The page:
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Gareth: If you’re so clever, what am I thinking now?

Tim: You’re thinking "how can I kill a tiger armed only with a biro?"

Gareth: No.

Tim: You’re thinking "if I crash land in a jungle will I be able to eat my own shoes?"

Gareth: No. And you can’t

Tim: What are you thinking Gareth?

Gareth: I was just wondering whether will there ever be a boy born who can swim faster than a shark.

-Excerpt from the British version of The Office

In the Early Look, Keith led with a quote from the well known British comedy Benny Hill.  Given that it is British Comedy day at Research Edge, we’ve led with a quote from The Office.  Similar to Gareth we have some questions. For example, is there a market that can continue to swim faster than its declining currency?

The S&P 500 has been up for six days in a row, rising 2.2% on Monday.  Yesterday’s rally was driven by the heightened appetite for RISK and the REFLATION trade following the G20 meeting over the weekend.  Despite its importance as the world currency reserve the G20 leaders refrained from addressing the weakness in the U.S. dollar.  Without any active support from the world’s leaders, the dollar index closed down nearly 1%, to its lowest level since August 2008.  As we know, that decline in the U.S. dollar foreshadowed a dramatic decline in the stock market in the Fall of 2008.  While we certainly do not adhere to single factor models, this decline in the U.S. dollar is a major red flashing light currently for U.S. equities.  As a result, we have raised cash in our asset allocation model to the highest level since July 1, 2009.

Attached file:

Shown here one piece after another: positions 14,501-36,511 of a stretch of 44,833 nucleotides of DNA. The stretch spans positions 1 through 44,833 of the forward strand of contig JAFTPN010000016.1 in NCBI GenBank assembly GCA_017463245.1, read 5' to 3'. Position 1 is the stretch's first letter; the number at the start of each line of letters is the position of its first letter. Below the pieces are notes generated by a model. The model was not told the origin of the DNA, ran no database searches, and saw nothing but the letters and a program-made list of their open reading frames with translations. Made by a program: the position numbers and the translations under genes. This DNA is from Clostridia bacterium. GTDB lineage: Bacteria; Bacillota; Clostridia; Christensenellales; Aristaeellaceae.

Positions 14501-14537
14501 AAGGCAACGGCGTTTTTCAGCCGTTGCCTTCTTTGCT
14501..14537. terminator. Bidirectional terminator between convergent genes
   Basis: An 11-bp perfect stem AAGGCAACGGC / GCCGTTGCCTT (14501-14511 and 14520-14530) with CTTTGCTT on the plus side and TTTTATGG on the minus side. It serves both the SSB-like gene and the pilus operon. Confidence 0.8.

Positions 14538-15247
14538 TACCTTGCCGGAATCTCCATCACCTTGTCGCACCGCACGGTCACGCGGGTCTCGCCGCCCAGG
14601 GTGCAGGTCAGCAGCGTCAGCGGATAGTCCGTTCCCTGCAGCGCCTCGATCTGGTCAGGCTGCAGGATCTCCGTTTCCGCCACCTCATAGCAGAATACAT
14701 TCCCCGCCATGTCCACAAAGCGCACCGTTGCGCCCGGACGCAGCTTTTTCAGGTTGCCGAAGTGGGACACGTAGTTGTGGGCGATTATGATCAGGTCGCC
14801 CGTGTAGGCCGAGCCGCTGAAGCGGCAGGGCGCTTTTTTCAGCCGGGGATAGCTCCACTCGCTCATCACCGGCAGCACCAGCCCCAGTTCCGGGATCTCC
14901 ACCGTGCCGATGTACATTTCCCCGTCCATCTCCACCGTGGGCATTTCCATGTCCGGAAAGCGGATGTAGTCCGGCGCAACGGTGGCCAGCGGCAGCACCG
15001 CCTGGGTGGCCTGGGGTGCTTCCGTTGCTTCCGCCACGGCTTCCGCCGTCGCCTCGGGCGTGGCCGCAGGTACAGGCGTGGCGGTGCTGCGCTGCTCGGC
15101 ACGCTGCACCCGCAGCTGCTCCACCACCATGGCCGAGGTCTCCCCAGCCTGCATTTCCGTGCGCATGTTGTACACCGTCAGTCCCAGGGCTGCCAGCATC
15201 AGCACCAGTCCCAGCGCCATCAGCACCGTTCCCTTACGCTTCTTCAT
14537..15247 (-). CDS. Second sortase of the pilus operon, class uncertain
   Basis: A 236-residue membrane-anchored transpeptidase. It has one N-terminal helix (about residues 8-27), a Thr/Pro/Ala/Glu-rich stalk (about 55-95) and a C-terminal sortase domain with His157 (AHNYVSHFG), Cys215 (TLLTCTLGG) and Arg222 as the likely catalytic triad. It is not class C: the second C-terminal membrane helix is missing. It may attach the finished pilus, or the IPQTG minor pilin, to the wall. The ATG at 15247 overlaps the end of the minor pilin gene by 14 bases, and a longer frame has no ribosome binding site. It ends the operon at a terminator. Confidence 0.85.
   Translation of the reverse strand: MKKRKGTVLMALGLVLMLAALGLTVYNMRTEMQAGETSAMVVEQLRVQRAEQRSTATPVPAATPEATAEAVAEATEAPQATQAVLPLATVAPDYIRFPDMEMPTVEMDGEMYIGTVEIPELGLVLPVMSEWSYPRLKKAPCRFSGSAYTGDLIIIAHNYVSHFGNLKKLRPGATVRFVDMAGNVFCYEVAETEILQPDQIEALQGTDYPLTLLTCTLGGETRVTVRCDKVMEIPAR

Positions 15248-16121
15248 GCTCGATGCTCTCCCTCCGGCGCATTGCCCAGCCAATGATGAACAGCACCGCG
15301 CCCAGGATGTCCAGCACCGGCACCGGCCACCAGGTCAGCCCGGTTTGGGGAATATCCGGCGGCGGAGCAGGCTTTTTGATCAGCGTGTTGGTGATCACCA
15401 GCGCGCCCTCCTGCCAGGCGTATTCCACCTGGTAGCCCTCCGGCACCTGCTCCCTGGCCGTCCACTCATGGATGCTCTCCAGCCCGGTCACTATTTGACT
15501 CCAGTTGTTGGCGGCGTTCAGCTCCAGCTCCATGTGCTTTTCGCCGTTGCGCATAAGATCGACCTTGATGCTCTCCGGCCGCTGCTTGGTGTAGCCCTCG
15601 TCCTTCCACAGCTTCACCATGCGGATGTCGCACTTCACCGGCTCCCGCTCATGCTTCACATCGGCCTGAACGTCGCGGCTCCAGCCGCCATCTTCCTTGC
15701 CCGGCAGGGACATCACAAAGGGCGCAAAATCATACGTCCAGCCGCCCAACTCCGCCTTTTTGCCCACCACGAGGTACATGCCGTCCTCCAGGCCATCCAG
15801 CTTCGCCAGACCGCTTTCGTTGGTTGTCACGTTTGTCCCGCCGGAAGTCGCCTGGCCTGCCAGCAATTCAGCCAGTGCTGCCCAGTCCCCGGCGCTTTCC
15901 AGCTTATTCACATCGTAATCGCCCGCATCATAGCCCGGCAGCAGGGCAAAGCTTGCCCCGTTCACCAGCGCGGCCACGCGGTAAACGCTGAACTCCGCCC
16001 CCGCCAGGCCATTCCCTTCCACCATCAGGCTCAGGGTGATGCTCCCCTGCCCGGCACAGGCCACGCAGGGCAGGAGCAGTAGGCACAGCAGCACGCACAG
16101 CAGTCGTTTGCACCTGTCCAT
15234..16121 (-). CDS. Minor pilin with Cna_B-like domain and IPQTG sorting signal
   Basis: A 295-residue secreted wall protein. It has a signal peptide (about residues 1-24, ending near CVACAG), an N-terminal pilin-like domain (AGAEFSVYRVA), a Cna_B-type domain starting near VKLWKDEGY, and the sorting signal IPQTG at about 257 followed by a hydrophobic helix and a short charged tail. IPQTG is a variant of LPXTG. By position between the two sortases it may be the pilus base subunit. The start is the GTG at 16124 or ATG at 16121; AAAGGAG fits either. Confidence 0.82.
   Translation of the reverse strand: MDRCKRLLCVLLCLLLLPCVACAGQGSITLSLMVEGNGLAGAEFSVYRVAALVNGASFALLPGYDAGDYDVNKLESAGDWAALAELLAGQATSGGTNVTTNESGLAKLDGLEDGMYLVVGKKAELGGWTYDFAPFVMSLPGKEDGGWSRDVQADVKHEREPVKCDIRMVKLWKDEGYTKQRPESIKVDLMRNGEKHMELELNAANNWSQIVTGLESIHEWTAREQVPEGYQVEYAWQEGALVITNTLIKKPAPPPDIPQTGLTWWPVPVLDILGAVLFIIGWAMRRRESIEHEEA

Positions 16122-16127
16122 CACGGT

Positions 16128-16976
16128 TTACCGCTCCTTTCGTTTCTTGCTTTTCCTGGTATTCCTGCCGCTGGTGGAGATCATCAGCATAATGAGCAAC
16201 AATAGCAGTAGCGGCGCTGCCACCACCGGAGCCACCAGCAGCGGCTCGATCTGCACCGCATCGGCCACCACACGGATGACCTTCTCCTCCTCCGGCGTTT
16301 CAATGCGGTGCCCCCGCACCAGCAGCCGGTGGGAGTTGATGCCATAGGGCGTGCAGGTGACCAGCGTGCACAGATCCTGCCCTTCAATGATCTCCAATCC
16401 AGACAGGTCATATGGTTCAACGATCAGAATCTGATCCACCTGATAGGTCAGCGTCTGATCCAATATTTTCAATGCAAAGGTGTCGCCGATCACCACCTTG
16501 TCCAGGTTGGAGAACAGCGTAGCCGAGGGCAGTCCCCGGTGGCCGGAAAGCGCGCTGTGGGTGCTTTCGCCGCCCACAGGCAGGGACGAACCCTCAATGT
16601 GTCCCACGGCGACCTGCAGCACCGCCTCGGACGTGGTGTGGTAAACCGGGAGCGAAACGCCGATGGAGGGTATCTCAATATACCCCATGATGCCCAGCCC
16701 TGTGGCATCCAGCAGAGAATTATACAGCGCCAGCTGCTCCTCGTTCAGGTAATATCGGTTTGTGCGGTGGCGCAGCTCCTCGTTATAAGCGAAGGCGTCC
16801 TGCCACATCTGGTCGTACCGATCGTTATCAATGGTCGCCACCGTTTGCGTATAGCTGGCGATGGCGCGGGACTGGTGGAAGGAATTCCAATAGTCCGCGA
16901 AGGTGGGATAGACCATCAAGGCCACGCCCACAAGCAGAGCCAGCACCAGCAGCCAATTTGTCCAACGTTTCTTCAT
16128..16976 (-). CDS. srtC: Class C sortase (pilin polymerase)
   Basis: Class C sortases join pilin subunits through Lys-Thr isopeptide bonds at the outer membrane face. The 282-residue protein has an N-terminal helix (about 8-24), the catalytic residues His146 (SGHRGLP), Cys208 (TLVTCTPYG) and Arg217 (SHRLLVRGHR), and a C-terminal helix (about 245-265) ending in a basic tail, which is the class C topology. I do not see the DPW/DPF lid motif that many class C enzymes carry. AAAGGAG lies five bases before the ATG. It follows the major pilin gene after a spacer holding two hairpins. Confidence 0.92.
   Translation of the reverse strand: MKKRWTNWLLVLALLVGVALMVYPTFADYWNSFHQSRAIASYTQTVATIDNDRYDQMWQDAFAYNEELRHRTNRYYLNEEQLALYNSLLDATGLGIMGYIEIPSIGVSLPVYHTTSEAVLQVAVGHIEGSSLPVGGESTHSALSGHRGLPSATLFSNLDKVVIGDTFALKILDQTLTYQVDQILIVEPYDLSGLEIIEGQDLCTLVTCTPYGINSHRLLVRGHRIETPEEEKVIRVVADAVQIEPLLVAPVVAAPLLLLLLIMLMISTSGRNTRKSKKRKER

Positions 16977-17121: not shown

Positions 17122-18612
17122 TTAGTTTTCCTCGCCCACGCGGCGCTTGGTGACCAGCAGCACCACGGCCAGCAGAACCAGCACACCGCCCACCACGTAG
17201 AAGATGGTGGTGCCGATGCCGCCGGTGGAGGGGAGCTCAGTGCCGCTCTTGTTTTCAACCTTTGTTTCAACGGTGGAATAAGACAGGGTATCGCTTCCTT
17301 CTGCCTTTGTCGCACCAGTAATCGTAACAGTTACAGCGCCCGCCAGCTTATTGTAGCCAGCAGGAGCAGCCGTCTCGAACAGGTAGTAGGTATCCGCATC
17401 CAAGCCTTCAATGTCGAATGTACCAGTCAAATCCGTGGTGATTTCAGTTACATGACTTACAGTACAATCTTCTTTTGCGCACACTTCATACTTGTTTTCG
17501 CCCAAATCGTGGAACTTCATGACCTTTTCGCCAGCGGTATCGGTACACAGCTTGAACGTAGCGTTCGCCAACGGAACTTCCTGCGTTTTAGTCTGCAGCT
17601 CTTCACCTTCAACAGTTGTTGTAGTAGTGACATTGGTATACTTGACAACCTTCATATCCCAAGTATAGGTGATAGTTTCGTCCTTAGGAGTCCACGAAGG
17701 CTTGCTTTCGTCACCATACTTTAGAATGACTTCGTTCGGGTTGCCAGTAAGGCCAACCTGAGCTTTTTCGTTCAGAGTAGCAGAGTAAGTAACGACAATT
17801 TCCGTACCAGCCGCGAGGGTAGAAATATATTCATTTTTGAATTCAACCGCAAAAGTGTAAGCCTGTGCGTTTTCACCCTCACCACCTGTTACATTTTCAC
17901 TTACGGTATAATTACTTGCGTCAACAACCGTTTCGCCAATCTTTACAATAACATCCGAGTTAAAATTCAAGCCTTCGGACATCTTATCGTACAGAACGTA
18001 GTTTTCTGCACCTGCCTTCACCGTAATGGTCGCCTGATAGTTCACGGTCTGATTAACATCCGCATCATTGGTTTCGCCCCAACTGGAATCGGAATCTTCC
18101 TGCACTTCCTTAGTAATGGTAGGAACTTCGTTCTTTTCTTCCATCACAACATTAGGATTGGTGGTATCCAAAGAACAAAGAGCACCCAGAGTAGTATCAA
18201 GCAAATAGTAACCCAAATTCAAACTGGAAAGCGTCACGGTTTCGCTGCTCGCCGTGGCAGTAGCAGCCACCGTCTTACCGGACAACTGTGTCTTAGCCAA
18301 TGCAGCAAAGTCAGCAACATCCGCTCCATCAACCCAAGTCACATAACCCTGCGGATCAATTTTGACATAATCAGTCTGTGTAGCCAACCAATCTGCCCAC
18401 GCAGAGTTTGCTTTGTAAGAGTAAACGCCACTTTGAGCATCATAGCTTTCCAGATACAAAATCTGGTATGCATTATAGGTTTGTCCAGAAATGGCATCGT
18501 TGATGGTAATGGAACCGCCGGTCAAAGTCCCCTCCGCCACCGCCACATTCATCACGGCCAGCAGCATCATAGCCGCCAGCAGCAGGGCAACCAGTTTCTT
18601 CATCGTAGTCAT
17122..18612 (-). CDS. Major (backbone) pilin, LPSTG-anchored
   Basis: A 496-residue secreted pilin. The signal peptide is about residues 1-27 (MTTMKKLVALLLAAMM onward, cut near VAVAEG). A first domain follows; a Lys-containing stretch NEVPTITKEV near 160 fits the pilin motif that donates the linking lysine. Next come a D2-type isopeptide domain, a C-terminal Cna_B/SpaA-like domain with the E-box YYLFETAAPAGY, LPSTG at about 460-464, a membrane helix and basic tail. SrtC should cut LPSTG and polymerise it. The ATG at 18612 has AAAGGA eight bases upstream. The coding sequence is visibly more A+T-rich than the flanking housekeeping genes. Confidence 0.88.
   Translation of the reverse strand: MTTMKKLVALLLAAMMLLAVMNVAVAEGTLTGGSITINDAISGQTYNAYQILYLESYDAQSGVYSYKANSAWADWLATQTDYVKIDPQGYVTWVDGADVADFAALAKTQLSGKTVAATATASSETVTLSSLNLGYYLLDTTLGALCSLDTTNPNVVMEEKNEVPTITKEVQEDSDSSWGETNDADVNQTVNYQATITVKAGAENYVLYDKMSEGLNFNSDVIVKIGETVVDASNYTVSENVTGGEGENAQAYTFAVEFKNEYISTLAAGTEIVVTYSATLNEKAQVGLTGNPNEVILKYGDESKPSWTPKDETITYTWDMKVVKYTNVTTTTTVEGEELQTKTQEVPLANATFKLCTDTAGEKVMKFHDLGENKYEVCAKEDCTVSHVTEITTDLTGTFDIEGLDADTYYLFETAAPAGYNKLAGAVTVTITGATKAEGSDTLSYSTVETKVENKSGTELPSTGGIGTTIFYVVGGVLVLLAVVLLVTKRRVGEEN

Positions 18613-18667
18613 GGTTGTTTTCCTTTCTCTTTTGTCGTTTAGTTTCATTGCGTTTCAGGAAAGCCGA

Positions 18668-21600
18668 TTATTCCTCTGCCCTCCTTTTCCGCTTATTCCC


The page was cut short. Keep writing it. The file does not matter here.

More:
The heightened momentum behind the REFLATION trade helped many of the usual suspects outperform yesterday.  The three best performing sectors were the Industrials (XLI), Financials (XLF) and Materials (XLB).  The Financials were the best performing sector, up 3.6% on the day.  There was no one catalyst for the strength other than U.S. dollar weakness.

The Materials rose 3.3% yesterday, and notable gainers included the metals and mining stocks and paper and forest products.  In the industrials sector, E&Cs and machinery stocks did the best.  

The worst performing sectors were Utilities (XLU), Healthcare (XLV) and Consumer Staples (XLP).  Managed care stocks finished higher for a sixth straight session today with the HMO leading the way.  The performance came despite the fact that the House approved its version of healthcare reform legislation this weekend.

Homebuilders are poised for a positive day today as Beazer Homes reported a fourth-quarter profit.  The Company reported “some moderation” in weak market trends.  New home orders rose 2.4% from a year ago, and cancellation rate improved from 34.7% to 46.3%.  In the pre-market the stock was up 7%.

Today, the set up for the S&P 500 is: TRADE (1,067) and TREND is positive (1,032).   The Research Edge quantitative models have 9 of 9 sectors in the S&P 500 positive on TREND and 8 of 9 sectors are positive from the TRADE duration.  Financials are the only sector not positive on both durations. 

The Research Edge Quant models have 0.5% upside and 2.5% downside in the S&P 500.  At the time of writing the major market futures are poised to open up small to the downside. 

The Research Edge MACRO Team.

US STRATEGY – Office Sharks - SP11 10

US STRATEGY – Office Sharks - CHART11 10SV